By Capt. Craig Korczynski, Contributing Writer
February has arrived. Cool fronts will continue to migrate south pushing cooler air and windy conditions at times. Snook season re-opens. Snook anglers this means target deeper holes, bridges, channels, and sea walls. The snook will be holding near the bottom and tight on structure. High noon sunny days look for snook laying up on sand bars basking in the sun. The snook are willing to take any live bait or DOA C.A.L. 3”paddle tail or 4” jerk bait in pearl or Arkansas Glow that crosses their path.
Night fishing offers great numbers of snook on fly and live baits. Be sure to work the shadow lines and stay quiet. The rules and regulations should be followed strictly for all fish but certainly for snook. The lengths for snook are 28 inches minimum and 32 maximum one snook per person.
The tarpon fishing in the back canals and bays offer great action with the fly and artificial lures. Keep an eye out for rolling fish on the surface and work the area thoroughly. Deeper passes hold bigger fish up to 60 pounds. Anglers using live baits will have plenty of action but artificial lures like a DOA shrimp 3” and DOA C.A.L. 4 inch jerk bait in glow and gold belly fleck provoke strikes from the silver king.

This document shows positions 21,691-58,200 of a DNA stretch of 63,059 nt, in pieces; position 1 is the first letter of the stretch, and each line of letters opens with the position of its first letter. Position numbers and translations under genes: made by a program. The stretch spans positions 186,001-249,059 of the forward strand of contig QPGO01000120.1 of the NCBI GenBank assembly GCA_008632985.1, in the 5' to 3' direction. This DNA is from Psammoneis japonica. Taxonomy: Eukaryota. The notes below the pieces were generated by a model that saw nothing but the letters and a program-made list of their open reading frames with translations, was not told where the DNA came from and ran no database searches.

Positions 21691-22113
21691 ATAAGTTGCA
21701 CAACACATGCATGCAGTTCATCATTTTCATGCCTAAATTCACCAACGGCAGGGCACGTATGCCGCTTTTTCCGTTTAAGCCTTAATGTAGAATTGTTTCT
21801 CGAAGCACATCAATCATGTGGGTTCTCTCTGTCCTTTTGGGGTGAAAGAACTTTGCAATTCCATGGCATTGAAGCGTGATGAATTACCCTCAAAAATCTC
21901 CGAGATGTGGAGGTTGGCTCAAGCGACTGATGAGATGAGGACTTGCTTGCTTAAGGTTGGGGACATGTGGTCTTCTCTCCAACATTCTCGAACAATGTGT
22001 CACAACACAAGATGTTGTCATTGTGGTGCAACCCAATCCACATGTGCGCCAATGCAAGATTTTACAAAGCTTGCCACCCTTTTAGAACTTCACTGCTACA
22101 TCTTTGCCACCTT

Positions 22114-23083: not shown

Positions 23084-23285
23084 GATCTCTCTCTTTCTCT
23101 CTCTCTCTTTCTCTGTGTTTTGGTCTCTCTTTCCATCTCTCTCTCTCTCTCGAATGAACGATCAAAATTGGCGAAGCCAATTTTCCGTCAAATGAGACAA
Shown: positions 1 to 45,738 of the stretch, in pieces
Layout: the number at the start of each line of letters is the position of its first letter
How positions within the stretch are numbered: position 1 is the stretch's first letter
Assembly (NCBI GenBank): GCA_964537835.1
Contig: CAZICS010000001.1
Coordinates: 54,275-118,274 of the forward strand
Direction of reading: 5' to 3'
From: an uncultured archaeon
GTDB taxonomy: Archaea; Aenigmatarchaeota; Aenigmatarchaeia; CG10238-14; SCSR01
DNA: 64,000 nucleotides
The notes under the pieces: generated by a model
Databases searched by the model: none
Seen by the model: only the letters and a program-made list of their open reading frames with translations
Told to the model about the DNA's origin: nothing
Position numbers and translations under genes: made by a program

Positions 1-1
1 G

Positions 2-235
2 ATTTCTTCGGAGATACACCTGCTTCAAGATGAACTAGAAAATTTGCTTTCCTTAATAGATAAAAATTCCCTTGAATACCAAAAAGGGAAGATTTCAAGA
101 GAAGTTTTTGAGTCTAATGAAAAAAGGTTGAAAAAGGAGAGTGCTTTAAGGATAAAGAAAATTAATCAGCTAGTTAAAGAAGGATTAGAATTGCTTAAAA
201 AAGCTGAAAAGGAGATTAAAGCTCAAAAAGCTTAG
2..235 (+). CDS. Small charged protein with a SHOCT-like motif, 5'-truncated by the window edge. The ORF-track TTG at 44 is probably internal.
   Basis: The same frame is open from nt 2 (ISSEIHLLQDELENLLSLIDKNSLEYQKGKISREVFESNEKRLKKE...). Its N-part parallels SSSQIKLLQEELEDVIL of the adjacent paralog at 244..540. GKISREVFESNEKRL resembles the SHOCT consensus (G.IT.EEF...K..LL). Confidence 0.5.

The ICW will be teaming with life as anglers can target jacks, snook, tarpon, drum, sheepshead, and pompano. Seawalls and docks are great areas for jacks and snook during the day and at night. Live shrimp, mullet and DOA lures will produce many strikes. Top water Rapala skitter walk early morning and late in the afternoon provides explosive action for top water fanatics.
The grass flats are another great spot for anglers to take the kids fishing after a cool front. The flats will be full of ladyfish, jacks, pompano, bluefish, black drum, sheepshead, snapper, and few mackerel and trout. The best methods to use on the flats is artificial jigs tipped with shrimp and for the kids and some adults, popping corks never fail with a live shrimp or a DOA shrimp 3” in glow color. When working the flats look for potholes and drop offs for areas to target. Always remember to use the wind and tide to your advantage. Look for signs and remember those manatees usually have a few surprise fish trailing behind.
Well that is the fishing report for the Palm Beach, Jupiter area. I hope you all enjoyed so get out there and get hooked up. Tight Lines! Capt. Craig Korczynski. PhlatsInshoreFishing.com, 561-644-4371 visit us on Facebook and Instagram.